I first discovered Pierrot Men’s work in Fianarantsoa, when I was in Madagascar in 2001 and he blew me away. Perhaps because he caught in images that were sometimes bleak, the breadth of my experience, an experience I was unable to share or process at the time. I was traveling alone and intensely occupied with projects, with no time for reflection, and operating almost constantly in a state of extreme cultural shock. The reflection came later, and Pierrot’s images replaced diary entries for me. Many of the images that were seminal to my travels through that country are rare and difficult to find, but luckily for me, Dan at the Dakota Ridge Gallery maintains the only online presence of this artist.
Because he photographs exclusively Madagascar, and because Madagascar is so rare a destination, and because it was such a turning point in my life, the connection I feel to his work is not something I can explain with excerpts of his photography. Madagascar is the most exceptional, heart-arresting, life-altering place I have ever been. I’ve never properly shared how much that country changed me, and perhaps now, it is time, but not in this post. My father has been sharing his memories of wars past, of bygones and roads traveled, and I think he has done more for me than steeled my resolve to continue in the path of writing: he has inspired me.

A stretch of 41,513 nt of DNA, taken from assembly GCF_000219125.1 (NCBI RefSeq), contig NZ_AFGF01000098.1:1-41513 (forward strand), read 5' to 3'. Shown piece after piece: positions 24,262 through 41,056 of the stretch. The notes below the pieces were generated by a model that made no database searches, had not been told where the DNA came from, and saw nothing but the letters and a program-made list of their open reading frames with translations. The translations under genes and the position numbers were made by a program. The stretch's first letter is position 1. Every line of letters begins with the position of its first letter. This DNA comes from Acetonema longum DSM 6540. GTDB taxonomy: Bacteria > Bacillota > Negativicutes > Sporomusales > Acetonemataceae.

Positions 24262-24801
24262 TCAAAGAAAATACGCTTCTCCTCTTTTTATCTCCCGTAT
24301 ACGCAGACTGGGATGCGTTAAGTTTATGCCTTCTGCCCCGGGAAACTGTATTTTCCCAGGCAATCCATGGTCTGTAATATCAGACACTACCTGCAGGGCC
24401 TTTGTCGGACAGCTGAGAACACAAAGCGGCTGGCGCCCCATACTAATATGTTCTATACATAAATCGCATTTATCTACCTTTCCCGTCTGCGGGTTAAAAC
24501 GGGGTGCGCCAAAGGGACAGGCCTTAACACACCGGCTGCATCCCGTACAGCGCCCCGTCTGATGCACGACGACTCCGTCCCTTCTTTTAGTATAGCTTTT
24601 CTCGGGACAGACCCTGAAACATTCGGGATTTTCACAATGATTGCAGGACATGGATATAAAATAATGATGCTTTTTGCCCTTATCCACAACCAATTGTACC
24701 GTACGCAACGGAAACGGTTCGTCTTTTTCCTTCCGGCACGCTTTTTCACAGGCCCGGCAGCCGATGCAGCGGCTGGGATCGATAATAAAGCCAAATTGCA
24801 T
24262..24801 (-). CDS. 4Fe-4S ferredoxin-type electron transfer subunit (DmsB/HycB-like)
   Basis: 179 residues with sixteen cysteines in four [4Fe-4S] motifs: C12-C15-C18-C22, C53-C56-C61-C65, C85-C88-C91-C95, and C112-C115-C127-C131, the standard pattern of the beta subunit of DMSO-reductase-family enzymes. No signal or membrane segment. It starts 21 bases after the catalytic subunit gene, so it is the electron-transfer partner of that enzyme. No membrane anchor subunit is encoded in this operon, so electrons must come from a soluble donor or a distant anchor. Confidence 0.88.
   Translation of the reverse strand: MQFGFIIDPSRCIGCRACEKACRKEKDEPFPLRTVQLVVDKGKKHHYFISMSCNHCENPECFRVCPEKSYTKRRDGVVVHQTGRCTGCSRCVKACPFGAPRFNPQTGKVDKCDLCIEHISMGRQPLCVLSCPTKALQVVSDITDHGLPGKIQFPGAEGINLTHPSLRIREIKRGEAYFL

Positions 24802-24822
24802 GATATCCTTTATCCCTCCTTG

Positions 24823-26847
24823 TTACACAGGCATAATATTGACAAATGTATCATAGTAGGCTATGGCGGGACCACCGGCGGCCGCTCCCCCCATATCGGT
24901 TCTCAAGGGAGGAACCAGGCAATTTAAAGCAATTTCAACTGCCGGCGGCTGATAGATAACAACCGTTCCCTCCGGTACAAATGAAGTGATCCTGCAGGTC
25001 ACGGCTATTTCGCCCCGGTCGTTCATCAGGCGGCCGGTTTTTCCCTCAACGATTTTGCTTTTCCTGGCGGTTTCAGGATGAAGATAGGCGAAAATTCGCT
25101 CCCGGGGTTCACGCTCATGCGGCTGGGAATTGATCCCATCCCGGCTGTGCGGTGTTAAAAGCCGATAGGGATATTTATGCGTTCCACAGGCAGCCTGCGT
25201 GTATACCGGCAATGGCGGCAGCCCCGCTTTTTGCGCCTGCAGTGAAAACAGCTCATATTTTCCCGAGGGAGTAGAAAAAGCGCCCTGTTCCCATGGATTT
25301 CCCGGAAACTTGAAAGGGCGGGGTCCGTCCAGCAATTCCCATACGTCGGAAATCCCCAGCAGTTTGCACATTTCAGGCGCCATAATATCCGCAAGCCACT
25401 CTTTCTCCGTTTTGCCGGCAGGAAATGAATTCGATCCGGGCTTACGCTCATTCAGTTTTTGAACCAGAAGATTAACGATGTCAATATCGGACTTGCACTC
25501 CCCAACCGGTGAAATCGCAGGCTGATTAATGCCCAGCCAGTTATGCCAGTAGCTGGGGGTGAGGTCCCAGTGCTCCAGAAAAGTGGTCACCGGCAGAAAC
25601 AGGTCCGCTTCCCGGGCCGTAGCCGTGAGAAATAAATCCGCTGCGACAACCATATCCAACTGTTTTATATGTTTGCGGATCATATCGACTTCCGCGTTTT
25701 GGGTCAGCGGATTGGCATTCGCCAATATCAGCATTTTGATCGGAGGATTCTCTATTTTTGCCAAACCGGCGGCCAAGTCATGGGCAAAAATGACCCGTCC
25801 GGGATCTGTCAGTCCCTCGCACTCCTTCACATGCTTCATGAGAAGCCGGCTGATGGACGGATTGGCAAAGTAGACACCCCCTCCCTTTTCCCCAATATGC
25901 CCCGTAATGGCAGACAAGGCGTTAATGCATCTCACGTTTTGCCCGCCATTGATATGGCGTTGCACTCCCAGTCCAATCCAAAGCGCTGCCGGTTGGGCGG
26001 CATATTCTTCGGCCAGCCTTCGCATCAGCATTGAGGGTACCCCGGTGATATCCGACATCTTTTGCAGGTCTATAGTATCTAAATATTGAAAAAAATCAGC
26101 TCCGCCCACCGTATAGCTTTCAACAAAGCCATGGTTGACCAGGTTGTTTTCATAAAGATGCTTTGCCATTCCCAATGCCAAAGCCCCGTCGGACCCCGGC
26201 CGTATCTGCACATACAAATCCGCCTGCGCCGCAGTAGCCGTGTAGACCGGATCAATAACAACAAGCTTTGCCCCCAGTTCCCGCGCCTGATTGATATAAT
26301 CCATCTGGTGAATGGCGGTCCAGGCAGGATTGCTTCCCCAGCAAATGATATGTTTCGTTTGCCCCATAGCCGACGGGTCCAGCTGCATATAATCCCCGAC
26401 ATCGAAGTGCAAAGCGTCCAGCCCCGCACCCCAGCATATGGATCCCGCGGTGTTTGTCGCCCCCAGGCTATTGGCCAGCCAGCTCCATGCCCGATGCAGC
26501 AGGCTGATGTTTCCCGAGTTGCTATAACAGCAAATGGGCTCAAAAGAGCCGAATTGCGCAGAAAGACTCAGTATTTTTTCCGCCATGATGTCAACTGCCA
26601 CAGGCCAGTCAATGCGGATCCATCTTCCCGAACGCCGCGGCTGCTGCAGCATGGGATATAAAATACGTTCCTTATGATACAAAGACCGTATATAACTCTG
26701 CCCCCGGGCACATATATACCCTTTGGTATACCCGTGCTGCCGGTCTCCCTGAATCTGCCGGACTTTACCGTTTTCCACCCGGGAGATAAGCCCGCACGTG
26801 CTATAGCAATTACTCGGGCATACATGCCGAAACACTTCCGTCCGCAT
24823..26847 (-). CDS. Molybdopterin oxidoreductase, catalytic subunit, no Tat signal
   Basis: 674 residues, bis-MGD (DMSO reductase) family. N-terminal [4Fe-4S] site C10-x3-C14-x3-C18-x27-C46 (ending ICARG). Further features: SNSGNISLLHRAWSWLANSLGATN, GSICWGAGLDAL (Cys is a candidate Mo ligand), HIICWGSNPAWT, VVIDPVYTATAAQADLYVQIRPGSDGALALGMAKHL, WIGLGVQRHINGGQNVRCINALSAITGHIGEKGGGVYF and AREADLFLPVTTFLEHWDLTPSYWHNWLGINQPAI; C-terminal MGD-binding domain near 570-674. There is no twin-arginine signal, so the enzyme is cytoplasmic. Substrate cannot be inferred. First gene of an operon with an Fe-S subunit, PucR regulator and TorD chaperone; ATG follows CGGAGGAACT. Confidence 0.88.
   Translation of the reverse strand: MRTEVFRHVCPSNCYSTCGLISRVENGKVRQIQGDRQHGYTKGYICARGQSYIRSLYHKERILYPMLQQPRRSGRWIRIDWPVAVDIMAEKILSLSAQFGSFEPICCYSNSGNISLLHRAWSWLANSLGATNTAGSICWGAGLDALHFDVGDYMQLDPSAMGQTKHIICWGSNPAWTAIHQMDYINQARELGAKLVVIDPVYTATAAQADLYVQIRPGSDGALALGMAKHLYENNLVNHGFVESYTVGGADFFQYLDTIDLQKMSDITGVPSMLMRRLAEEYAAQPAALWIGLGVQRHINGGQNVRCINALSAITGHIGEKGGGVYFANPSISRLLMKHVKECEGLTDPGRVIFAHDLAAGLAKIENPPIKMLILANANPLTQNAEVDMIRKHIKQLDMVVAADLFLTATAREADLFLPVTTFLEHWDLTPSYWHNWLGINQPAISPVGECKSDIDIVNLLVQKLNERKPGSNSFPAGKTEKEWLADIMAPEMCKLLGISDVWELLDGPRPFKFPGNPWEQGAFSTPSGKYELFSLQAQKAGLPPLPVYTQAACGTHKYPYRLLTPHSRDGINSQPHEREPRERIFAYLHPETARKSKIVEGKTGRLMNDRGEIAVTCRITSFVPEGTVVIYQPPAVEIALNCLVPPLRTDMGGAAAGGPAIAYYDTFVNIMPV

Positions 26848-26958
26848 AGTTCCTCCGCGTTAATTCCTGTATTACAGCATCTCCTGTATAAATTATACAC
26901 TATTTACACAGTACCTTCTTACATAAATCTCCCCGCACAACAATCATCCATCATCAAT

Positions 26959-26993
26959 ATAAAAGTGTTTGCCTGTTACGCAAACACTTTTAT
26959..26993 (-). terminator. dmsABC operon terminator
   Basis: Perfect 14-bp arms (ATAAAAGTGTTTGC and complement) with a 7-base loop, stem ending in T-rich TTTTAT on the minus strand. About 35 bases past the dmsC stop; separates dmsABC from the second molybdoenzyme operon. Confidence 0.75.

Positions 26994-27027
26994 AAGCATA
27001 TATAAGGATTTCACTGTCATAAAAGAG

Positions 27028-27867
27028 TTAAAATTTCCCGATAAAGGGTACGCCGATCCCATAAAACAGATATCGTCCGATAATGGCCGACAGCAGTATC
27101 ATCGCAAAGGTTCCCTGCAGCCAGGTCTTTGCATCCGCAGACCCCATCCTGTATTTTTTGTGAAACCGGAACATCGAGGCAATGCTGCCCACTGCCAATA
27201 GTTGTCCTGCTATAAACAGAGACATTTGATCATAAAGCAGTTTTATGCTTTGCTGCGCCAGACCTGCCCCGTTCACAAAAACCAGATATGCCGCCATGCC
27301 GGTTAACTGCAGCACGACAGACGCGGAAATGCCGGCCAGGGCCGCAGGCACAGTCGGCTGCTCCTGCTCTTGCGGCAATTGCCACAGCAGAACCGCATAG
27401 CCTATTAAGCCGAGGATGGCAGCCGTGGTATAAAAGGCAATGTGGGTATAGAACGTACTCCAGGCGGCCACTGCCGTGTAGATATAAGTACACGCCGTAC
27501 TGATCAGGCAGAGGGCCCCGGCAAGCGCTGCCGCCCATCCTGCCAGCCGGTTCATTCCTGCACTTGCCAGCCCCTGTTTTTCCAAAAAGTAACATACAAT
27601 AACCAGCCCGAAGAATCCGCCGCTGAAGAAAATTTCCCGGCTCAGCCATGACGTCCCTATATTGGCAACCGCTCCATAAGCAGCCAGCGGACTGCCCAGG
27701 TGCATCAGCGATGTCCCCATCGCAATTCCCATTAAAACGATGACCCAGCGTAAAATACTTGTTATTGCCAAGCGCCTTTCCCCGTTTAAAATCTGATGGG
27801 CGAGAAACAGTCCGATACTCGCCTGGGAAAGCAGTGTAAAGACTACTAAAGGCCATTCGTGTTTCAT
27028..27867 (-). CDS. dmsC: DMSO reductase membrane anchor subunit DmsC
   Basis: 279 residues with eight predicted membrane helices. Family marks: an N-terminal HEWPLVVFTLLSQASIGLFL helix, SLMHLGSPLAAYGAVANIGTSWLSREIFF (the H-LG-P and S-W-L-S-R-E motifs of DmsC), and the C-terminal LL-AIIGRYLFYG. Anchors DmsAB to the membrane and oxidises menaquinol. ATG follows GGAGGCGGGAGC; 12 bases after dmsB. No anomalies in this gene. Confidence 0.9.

Pierrot Men’s work is outstanding, he pins figures in extraordinary landscapes, and brings you face to face with the humble. Perhaps his work speaks of humility and hard lives, often photographing people in their places of hard labor. I have a picture of a mechanic sitting amid scrap metal with goggles that I turn to often.
I’m grateful to Dan and his gallery for having the vision to carry Men’s work. I will have to stop in on my next trip to the East Coast to pay a visit.